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New York’s high-end real estate may be unaffected by tax law

January 4, 2018

Douglas Elliman listing in New York. Image credit: Douglas Elliman


New York sales transactions priced more than $5 million are primarily settled in cash, which will make the upcoming cap on mortgage interest deduction in the United States' new tax law almost irrelevant to luxury real estate.

Dictated in Douglas Elliman Real Estate’s Q4 2017 Manhattan Sales Market Report the average price fell below $2 million for the first time in almost two years and real estate activity in general has stalled, alluding to a nervous energy from buyers worried about the tax bill. Amongst the average price, apartment sales and price per square foot dropped as well.

“While the luxury market generally sees more ‘cash’ buyers than lower priced markets, 89.9 percent of sales at or above the $5 million threshold were made with ‘all cash,’” said Jonathan Miller of Miller Samuel Inc., author of the Q4 2017 Manhattan Sales Market report at Douglas Elliman, New York. “Therefore the cap on the mortgage interest deduction introduced in the new tax law will have little impact on Manhattan’s luxury market.”

New York sales
While there is to be a $10,000 cap on mortgage interest deductions in the upcoming tax law, luxury real estate in New York might be avoiding its effects since high-end deals are mostly transacted in cash.

Christie's International Real Estate listing at 795 Fifth Avenue, New York. Image credit: Christie's

The average New York price saw a drop below $2 million for the first time in seven quarters. Douglas Elliman believes that this is due to the clearing out of legacy contracts.

However, median prices were on the rise in the last quarter thanks to re-sales, marking this the third consecutive quarter of growth in a row. The median prices increased by 1 percent since this time last year to $1,060,000.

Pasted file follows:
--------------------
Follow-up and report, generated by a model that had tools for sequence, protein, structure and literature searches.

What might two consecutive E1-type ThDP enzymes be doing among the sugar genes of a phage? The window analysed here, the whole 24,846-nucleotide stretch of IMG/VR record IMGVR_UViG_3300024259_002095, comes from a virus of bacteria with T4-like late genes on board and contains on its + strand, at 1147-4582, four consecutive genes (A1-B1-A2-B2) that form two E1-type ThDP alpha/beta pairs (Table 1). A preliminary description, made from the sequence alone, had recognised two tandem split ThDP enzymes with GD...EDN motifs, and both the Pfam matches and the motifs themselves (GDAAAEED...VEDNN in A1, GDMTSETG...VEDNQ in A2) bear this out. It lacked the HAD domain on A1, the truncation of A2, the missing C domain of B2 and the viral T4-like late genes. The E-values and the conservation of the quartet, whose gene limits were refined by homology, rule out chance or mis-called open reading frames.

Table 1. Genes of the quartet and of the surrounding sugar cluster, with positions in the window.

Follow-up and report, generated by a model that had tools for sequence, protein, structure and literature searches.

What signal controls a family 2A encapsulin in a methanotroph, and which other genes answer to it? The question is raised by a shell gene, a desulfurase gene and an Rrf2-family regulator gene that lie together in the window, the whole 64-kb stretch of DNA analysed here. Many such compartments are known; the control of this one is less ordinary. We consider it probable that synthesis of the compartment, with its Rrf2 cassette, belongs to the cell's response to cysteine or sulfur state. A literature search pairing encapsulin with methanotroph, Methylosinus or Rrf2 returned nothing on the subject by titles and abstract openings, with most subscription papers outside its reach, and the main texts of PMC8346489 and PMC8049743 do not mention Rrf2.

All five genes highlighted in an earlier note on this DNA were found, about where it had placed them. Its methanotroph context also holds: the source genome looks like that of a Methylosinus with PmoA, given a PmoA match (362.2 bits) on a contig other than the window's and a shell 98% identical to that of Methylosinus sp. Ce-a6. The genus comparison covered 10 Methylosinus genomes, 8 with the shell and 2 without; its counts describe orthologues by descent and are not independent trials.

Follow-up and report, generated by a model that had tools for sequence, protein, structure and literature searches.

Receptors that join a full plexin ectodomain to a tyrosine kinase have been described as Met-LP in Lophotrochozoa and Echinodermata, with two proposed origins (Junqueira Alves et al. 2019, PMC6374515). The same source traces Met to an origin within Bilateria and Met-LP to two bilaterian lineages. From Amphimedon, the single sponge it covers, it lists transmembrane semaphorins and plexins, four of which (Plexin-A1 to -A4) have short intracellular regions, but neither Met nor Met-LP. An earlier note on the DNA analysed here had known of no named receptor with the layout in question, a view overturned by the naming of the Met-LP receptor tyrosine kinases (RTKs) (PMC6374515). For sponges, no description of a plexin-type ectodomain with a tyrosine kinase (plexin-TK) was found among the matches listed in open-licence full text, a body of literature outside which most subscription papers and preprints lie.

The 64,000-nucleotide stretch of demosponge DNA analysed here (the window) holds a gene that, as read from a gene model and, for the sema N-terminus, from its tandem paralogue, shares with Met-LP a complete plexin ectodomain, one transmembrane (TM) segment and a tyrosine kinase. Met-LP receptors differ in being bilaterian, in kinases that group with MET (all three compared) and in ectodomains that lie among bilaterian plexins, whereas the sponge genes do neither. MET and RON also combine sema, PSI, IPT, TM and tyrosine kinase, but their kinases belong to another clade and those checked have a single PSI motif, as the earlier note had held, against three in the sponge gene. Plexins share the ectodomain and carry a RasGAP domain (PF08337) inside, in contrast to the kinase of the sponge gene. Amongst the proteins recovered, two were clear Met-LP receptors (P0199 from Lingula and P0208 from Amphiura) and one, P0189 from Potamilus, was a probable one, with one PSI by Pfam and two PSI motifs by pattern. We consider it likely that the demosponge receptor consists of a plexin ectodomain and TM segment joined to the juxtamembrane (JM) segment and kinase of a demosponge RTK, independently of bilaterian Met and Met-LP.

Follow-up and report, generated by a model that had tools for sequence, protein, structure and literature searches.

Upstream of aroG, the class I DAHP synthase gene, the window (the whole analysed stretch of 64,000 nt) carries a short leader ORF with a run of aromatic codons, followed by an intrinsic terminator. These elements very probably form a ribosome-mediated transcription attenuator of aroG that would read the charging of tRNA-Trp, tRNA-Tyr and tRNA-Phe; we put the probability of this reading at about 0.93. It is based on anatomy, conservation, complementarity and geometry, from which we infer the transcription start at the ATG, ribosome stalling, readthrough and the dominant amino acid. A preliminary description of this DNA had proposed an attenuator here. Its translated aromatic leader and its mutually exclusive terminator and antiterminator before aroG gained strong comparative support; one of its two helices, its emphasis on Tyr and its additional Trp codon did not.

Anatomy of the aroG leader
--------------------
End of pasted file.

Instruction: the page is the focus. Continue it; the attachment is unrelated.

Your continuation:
Activity in the housing market as a whole for New York saw its lowest fourth quarter in the past six years. This could be due to the introduction of the upcoming tax bill, as buyers wait to see what will come of the legislation before making major decisions.

Condo in New York's One57 building. Image credit: Sotheby's International Realty Affiliates

Apartment sales declined over the past quarter, but townhouse sales were on the rise by 8.3 percent. The price per square foot of townhouses saw an increase of 9.9 percent but its median sale price declined by 4.5 percent and its inventory dropped by 36.4 percent.

The price per square foot in New York declined by 20.6 percent to $1,609 and the average sale price decreased by 10.6 percent to $1,897,503.

Additional New York findings
The current White House administration has had an impact on real estate not just with its tax plan but also with its polarizing first year causing a negative effect on the Trump-branded real estate properties, including New York, with a record-breaking decline.

For the first time in history, Trump-branded condos saw below-average sale prices and average price per square foot compared to the median in New York, according to CityRealty’s Year-End Report. The upcoming year does not look good for New York as a whole, with CityRealty's report predicting that the city will see a slight decline for the first time since the 2009 global recession (see more).

Back in June, contracts signed on luxury properties in New York saw the largest increase in six months this May with a 41 percent jump in the number signed, according to another report from

The boom in signing numbers was pushed by new and recently developed condominium complexes in New York. However, prices of new condo developments dropped 15 percent, according to a Monthly Market Report from (see more).

“My key takeaway is that buyers will find a silver-lining if they act quickly in this new year and we go back to normal after concerns over the new tax law simmer down,” said Steven James, CEO of New York City at Douglas Elliman, New York.